Politics and journalism have had what appears to be a symbiotic relationship since the inception of both concepts. In America, many potential voters have become more and more disillusioned causing many to not even turn up. I count myself in their numbers.
From my perspective, it’s a lack of trust or faith in the individuals that are running. I can’t allow myself to compromise and vote for an individual who is slightly less of a dirt bag than the alternative. Another heavy factor in this equation is the lack of sincerity or connection to reality that I perceive most candidates to have. They are more brand than real people.
I have a difficult time connecting with cardboard cutouts that are incapable of answering questions straight or actually dealing with issues in a practical manner. This “fakeness” then often tends to be followed by backdoor political dealings and more compromise catering to whichever groups have the most effective lobbyists.
I overheard a man sitting a few seats up from me on a plane trip I recently took darkly saying “We have the best government money can buy.” That rang both frightening and too close to truth for my comfort. This leads many others and me to a point where we don’t participate in the process. I am fully aware that this type of action or inaction cannot lend to any positive change.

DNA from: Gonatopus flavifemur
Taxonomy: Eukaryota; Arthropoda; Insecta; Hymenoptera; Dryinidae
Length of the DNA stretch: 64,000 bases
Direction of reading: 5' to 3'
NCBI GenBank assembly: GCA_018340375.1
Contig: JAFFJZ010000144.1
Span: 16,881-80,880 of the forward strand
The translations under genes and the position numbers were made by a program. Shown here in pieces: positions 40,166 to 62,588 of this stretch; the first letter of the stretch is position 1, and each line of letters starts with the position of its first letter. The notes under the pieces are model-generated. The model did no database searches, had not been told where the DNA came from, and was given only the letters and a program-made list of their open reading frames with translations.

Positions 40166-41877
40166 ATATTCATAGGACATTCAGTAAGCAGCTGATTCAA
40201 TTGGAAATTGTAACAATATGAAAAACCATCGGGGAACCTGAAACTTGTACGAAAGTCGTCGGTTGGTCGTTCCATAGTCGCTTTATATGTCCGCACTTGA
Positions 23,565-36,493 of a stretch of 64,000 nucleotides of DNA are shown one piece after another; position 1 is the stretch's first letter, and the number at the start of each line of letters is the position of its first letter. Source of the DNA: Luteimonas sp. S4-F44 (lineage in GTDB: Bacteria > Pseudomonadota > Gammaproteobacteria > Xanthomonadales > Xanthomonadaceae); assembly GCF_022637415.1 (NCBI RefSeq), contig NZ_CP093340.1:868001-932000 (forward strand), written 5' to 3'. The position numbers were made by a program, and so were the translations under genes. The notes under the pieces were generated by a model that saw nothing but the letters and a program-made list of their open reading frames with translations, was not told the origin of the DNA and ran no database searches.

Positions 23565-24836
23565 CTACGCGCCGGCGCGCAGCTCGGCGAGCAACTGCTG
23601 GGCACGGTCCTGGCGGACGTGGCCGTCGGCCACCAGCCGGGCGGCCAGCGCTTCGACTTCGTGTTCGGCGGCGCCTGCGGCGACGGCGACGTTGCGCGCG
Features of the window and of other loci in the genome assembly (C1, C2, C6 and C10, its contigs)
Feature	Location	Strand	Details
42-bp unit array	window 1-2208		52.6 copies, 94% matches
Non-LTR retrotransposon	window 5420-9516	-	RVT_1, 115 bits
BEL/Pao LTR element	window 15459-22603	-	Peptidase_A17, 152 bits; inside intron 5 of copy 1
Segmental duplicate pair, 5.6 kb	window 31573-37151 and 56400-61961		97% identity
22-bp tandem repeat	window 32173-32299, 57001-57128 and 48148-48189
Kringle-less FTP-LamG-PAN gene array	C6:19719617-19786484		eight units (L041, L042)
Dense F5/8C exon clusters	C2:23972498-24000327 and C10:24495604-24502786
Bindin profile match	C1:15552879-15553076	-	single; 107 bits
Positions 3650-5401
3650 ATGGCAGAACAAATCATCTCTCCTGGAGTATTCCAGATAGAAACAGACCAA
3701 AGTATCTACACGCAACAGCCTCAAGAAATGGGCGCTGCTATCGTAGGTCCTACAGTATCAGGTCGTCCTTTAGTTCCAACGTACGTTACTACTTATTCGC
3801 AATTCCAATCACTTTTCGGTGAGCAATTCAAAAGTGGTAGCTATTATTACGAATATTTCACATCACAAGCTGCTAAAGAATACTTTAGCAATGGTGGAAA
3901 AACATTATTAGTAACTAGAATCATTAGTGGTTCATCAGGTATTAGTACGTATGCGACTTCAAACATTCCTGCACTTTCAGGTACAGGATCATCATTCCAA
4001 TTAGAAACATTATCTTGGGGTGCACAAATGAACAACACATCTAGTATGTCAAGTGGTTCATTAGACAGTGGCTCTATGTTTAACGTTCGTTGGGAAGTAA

José Luis García Dader, a visiting Professor from Complutense University of Madrid has scientifically studied and tried to understand this process of voter disillusionment along with the separation from reality that politics has fallen into over the past few decades. He has identified that the media is a big part of the problem, and more importantly one of our best hopes for a solution.
On a recent discussion with Cronkite Journalism students and practicing journalists from the East Asian Pacific region of the world, Luis challenged journalists to help break the cycle of the existing unhealthy relationship between politics and journalism. Stop focusing on non-sense that isn’t a factor in these matters (canned branding statements, fake “everyman” humanization tactics, soap opera BS, etc.) and instead focus energy on topics that matter.
Dader is an advocate for the use of Precision Journalism to up the journalism game. It’s up to journalists to ask hard questions, and hold politicians accountable, to do comprehensive analysis of policies and practices of politicians and report on the core of what these folks are doing instead of the PR driven soundbite fluff that lacks any substance.